China’s prized possession, the J-20 stealth fighter jet, was once pitted against an F-22 Raptor, in what two US companies claim was the world’s first virtual battle between a real aircraft and a simulated one.
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A seasoned American F-22 pilot took on China’s Chengdu J-20 stealth fighter from the actual cockpit of his plane in 2020. The virtual Chinese jet was projected into the F-22 pilot’s immersive virtual reality helmet-mounted display.
The two US companies, Red 6 and EpiSci, were responsible for this test and later reported the successful testing of their augmented reality training package. The story was first covered for The Warzone.
The F-22 pilot took part in the test from the cockpit of a Freeflight Composites Berkut 560 experimental aircraft. However, the adversary was an augmented reality simulation of the Chinese J-20 stealth jet produced by EpiSci’s Tactical AI technology and was not controlled by any pilot.
“With this first-ever within-visual-range dogfight against an AI bandit, EpiSci’s Tactical AI demonstrated the ability to work on a real aircraft, with flight-ready hardware and sensors,” said Chris Gentile, EpiSci’s Vice President for Tactical Autonomous Systems.
“While fielding autonomous systems that control fighters may be in the future, this system is ready now to bring next-generation capability to our training programs, providing immediate benefit to the USAF’s ability to develop and maintain world-class fighter pilots. By introducing them to this technology now, they’ll be even more prepared to use a range of unmanned tools in the future.”
EpiSci’s experience in past virtual dogfights was used in the AI-enabled, augmented reality J-20 plane. It was one of eight companies involved in the Defense Advanced Research Projects Agency’s AlphaDogfight trials, which paired an actual US Air Force F-16 pilot against simulated planes controlled entirely by AI.
The AlphaDogfight trials were held virtually, with the human pilot controlling his plane using a virtual reality headset and gaming controllers. The AI pilot beat its human counterpart five times in a row. It’s worth mentioning that the AlphaDogfight test’s virtual environment and unorthodox methodology favored the AI in a way a real-world battle would not.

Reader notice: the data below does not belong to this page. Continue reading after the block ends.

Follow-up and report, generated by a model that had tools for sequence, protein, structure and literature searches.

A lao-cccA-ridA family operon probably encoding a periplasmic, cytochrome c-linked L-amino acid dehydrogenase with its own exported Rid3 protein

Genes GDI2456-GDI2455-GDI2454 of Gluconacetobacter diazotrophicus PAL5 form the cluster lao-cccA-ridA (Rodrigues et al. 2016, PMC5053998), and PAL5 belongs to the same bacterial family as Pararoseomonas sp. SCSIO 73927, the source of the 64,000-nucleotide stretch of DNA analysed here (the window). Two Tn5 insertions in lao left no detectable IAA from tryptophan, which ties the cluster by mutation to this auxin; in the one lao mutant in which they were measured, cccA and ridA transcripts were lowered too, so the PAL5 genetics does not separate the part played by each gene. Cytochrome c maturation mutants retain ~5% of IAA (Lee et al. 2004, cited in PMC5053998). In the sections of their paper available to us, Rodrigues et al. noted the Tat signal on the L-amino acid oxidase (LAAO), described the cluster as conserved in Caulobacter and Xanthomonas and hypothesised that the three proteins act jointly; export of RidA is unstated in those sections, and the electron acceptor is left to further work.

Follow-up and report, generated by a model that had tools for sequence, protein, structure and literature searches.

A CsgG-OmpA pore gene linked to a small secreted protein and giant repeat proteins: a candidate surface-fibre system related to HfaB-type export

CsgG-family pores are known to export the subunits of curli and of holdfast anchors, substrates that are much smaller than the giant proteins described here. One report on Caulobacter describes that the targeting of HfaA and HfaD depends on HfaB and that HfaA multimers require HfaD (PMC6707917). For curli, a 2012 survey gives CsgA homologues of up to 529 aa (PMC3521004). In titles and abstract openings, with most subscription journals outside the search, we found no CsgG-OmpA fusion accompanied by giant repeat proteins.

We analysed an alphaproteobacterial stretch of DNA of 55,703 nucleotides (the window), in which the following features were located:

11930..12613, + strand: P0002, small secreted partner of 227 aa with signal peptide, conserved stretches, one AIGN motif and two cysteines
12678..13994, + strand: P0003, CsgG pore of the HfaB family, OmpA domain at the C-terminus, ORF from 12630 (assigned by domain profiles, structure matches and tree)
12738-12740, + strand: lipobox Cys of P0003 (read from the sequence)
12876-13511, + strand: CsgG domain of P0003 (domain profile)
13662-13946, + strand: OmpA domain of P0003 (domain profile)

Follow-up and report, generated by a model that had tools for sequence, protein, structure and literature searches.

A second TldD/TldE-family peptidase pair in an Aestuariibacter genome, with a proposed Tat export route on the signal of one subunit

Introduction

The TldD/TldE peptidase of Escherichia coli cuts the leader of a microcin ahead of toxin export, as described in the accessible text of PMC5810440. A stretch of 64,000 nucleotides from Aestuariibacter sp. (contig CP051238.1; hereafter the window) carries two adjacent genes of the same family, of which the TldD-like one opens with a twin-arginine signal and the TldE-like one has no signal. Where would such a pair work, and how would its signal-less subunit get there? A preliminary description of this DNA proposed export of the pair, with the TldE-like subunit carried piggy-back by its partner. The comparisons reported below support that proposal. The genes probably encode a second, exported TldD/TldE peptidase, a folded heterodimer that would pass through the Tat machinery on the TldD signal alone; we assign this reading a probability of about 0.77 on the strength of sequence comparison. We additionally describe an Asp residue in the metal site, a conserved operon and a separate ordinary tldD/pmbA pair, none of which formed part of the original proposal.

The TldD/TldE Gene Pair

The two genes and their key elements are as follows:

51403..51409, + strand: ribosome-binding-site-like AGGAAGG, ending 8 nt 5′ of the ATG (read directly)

In the case of the J-20 vs F-22 battle, an Airborne Tactical Augmented Reality System (ATARS), developed by Red 6, was employed in the demonstration. It comprised the display and control technologies required to inject virtual reality view enabling the real pilot to interact with the simulated J-20 opponent.
“Red 6’s ATARS system enables real pilots to fly real airplanes connected together in an augmented world,” explained Dan Robinson, CEO and founder of Red 6. “With the additional integration of Tactical AI into our platform, we are now able to interact and respond to any threat aircraft. This opens spectacular possibilities for training.”
A Training Method For Future Aviators?
The technology could help cut the expenditures of air combat training. It could also aid in the resolution of a slew of other tactical issues for fleet aviators, such as simulating actual foreign threats.
Using publicly available data about the enemy’s aerodynamic capabilities and predicted stealth profile, virtual enemies can be built to fly exactly the same aircraft one is expecting based on that information. These AI models might be upgraded using classified knowledge about opponent aircraft.
This form of training is one of several areas where artificial intelligence is expected to play a major role.
Tactical AI could potentially be used in settings other than simulating an enemy in air combat drills. More broadly, it might be used to deliver a variety of other demonstrations to military pilots at various stages of training.
AI can also help pilots in numerous ways, from more capable auto-pilot systems to swift action when an inbound missile is identified. However, in order to properly harness AI technology during combat, pilots must undergo rigorous training. They can devote major attention to the battlefield while AI can take care of its surrounding.
Pilots can also foresee comparable AI systems to operate autonomous wingmen flying beside them in future wars. These drones might strike ground targets, fly ahead of manned fighters to extend their sensor range, or even sacrifice themselves to save the pilot.